Known for its wide, old boulevards, glorious Belle Époque buildings and a famous reputation for the high life (which in the 1900s earned its nickname of “Little Paris”), Bucharest, Romania’s largest city and capital, is today a bustling metropolis.
An experienced guide at your disposal
Walking tour on Calea Victoriei
Free time for shopping
Stop for a drink at Hanul Berarilor / Caru’ cu Bere (a glass of wine included)
Calea Victoriei is Bucharest’s oldest and most charming street. Built in 1692 to link the Old Princely Court to Mogosoaia Palace, it was initially paved with oak beams. The street became Calea Victoriei in 1878, after the Romanian Independence War. Between the two world wars, Calea Victoriei developed into one of the most fashionable streets in the city.
Stroll along this street from Piata Victoriei (Victory Square) to Piata Natiunilor Unite (United Nations Square) to discover some of the most beautiful buildings in the city, like the Cantacuzino’s Palace, the historical Revolution Square, the Military Club, the CEC Bank Headquarters and the National History Museum.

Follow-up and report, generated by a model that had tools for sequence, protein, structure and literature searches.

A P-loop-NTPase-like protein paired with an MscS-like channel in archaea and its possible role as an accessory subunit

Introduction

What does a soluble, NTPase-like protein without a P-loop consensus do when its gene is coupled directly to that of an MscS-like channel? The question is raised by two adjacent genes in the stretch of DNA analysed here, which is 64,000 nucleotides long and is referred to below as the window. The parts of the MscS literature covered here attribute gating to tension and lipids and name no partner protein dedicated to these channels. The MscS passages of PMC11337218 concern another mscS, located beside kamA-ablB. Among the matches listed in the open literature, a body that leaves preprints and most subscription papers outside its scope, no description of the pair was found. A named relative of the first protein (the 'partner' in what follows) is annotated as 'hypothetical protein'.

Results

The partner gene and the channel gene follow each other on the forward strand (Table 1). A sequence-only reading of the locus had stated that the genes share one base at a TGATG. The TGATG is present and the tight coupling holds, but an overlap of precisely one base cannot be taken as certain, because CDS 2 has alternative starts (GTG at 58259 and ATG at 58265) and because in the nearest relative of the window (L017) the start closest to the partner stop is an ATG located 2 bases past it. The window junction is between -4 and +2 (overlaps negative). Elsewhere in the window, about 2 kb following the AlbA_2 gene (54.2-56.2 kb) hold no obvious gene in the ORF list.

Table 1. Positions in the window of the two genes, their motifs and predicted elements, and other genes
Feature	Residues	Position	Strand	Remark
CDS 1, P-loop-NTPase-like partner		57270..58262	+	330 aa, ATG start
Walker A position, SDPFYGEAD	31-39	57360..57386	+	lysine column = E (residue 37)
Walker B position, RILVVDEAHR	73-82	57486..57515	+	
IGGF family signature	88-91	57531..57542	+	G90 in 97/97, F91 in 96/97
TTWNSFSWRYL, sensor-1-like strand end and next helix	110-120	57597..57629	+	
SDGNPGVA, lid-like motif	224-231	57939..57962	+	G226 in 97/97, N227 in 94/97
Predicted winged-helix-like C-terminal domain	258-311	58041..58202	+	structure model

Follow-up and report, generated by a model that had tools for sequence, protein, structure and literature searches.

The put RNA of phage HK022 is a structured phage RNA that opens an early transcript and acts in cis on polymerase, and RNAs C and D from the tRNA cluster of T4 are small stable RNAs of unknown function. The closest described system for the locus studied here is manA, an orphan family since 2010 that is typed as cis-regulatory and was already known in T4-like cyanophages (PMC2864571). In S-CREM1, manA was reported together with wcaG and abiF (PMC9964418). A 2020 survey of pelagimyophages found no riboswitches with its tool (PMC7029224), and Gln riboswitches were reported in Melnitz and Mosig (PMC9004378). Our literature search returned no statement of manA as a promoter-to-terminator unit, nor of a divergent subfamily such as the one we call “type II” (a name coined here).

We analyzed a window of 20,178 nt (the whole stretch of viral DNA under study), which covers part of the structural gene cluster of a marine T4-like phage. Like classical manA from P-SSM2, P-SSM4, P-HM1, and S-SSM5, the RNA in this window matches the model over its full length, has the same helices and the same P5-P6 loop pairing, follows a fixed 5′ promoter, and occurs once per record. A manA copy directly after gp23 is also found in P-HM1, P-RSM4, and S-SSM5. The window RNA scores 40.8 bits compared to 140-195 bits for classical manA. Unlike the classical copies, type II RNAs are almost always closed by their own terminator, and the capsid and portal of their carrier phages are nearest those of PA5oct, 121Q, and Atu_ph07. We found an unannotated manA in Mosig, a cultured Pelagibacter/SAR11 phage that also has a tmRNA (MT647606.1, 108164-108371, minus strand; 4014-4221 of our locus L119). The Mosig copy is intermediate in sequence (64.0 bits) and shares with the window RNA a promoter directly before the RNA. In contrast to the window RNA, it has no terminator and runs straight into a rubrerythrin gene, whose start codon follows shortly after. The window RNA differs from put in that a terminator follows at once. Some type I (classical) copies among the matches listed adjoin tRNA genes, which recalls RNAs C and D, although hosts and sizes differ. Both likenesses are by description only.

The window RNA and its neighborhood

The work of French architect Albert Galleron, who also designed the National Bank of Romania, the Athenaeum was finished in 1888, financed almost entirely from donations. One of the most preeminent public fundraising campaigns in Romania, the “Give a penny for the Athenaeum” saved the project after the original patrons ran out of funds. With its high dome and Doric columns, the Athenaeum resembles an ancient temple. It is worldwide known for its outstanding acoustics. It is Bucharest’s most prestigious Concert Hall and home of the Romanian George Enescu Philharmonic.
Opened in 1879, this lovely restaurant and beer house soon became one of the most popular meeting places for writers and poets in Bucharest who would gather to discuss matters of their time. Its neo-Gothic architectural style is reflected in the facades and the interior decorations.